Modeling abundance, growth, and health of the solitary coral Scolymia wellsi (Mussidae) in turbid SW Atlantic coral reefs
Corals from the genus Scolymia have high-sediment-shifting capabilities and are generally associated with habitats with low light levels (shallow shaded/high-turbidity reefs and mesophotic reefs >30 m depth). Here, the spatio-temporal dynamics in abundance, growth, and health (i.e., proportion of bleached/dead tissue) of the solitary coral Scolymia wellsi was modeled in the Abrolhos Bank, eastern Brazil, using boosted regression trees. Models were built using a yearly time series (2006–2008) of digital images of fixed benthic areas (photo-quadrats) and fixed S. wellsi individuals (n = 65). Samples were obtained in sites separated by up to 130 km and subjected to a wide range of biotic/abiotic conditions (as measured in situ and by remote sensing). Scolymia wellsi abundance was highest on inshore turbid reefs, although high nutrient availability (as inferred by the concentration of particulate organic carbon) and temperature were more important than turbidity (Kd490) itself for explaining this latter pattern. Bleaching affected mainly larger (older) individuals inhabiting inshore reefs, where S. wellsi abundance was highest, possibly reflecting natural coral senescence and/or negative density-dependent effects. Coral growth declined with size and with increased contact with turf algae/cyanobacterial mats, these latter organisms well recognized as major competitors for benthic space and coral disease facilitators. Species-specific coral population studies exploring different spatial scales (reef scale and coral scale) and a wide range of biotic/abiotic conditions may provide important insights on the ecological processes operating at the reef community and ecosystem levels.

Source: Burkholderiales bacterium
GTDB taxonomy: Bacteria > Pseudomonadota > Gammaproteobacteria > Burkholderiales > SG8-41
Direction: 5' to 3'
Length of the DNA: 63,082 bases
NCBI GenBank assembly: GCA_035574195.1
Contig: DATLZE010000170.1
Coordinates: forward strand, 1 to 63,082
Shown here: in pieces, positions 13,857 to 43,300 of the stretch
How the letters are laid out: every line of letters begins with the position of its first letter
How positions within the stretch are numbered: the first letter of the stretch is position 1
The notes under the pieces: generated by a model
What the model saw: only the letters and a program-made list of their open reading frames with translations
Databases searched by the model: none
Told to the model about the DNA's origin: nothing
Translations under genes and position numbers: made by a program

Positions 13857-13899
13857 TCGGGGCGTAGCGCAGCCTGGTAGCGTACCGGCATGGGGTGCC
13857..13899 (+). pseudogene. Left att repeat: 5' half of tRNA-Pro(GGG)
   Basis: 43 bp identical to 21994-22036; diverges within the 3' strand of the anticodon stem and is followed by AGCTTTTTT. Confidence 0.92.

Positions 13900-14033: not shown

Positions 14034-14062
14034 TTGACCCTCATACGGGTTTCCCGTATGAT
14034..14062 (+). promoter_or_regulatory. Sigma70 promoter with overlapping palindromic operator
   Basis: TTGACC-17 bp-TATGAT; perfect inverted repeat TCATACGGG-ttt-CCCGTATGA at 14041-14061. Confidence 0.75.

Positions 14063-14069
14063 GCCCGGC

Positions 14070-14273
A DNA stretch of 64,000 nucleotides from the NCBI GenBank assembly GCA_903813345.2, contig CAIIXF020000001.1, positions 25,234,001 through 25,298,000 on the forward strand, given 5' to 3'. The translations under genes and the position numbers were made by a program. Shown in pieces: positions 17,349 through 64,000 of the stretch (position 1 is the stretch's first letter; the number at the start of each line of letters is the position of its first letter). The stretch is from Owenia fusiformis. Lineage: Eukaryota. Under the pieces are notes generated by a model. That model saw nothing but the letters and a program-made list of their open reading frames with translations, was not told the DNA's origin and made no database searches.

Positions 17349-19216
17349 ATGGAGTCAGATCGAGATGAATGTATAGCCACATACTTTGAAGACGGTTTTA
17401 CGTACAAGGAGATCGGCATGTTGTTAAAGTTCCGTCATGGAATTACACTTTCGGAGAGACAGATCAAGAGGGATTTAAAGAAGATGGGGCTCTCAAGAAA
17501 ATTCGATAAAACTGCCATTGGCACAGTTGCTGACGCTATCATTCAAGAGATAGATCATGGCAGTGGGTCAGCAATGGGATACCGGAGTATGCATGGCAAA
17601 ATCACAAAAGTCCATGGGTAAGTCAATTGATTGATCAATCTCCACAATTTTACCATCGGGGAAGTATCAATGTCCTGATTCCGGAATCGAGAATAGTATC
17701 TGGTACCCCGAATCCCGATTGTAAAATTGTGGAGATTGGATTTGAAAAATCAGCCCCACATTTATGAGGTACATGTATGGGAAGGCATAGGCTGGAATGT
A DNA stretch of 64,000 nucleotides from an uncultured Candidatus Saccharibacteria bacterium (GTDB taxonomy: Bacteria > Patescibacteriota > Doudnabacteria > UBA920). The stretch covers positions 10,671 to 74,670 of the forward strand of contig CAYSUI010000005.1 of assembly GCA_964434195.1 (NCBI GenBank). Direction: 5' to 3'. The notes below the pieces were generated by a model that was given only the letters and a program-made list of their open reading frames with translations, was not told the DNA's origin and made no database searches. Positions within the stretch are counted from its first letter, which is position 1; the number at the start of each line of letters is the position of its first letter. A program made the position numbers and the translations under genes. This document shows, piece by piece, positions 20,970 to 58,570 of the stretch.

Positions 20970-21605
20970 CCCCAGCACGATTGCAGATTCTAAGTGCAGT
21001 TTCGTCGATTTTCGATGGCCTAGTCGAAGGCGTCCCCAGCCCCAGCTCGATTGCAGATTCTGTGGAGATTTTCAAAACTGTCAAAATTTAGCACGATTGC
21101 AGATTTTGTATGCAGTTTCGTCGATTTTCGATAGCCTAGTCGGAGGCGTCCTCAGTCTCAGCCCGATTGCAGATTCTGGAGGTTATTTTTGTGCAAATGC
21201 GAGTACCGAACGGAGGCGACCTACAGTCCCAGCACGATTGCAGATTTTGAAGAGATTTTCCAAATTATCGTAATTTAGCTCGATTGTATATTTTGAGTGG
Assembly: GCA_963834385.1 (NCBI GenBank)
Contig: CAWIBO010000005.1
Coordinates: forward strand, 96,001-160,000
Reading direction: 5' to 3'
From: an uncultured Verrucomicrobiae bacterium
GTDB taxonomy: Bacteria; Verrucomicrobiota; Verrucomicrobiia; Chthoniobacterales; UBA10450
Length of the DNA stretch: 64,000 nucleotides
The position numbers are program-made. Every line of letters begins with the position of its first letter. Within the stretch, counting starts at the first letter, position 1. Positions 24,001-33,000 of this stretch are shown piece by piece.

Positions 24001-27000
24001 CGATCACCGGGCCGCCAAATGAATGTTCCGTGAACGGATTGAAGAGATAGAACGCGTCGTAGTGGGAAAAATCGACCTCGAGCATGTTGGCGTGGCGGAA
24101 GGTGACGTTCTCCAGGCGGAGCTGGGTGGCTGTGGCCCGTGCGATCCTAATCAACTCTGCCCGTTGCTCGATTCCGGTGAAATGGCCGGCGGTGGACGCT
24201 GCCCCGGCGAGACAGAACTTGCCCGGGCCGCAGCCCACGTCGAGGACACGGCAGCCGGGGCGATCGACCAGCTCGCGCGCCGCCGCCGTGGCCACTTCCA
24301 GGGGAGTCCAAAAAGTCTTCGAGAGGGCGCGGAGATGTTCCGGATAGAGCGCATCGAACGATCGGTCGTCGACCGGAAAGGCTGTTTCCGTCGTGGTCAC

KeywordsCoral Reef Coral Growth Turf Alga Boost Regression Tree Photosynthetically Available Radiation
We thank G. Fiuza-Lima, C.L.B. Francini, D. Araújo, C. Marques, E. Marocci, R.M. Reis, and I. Cruz for logistical and field assistance. Parque Nacional Marinho de Abrolhos and Reserva Extrativista Marinha de Corumbau/ICMBio (through J.R.S. Neto, R. Jerolisky and R. Oliveira) for logistical support and research permits.
Compliance with Ethical Standards
Financial support was provided by the Conselho Nacional de Desenvolvimento Científico e Tecnológico and Conservation International (CI). This is a contribution of the CI’s Marine Management Areas Science Program, Brazil Node, and Rede Abrolhos/SISBIOTA (MCT/CNPq/CAPES/FAPES). BPF, FLT, GHPF, RBFF and RLM, acknowledge individual Grants from CNPq and FAPERJ.
Conflict of interest
All authors declare no conflict of interests.
No animals were collected/manipulated in this study. All applicable international, national, and/or institutional guidelines for the research, care and use of animals were followed.
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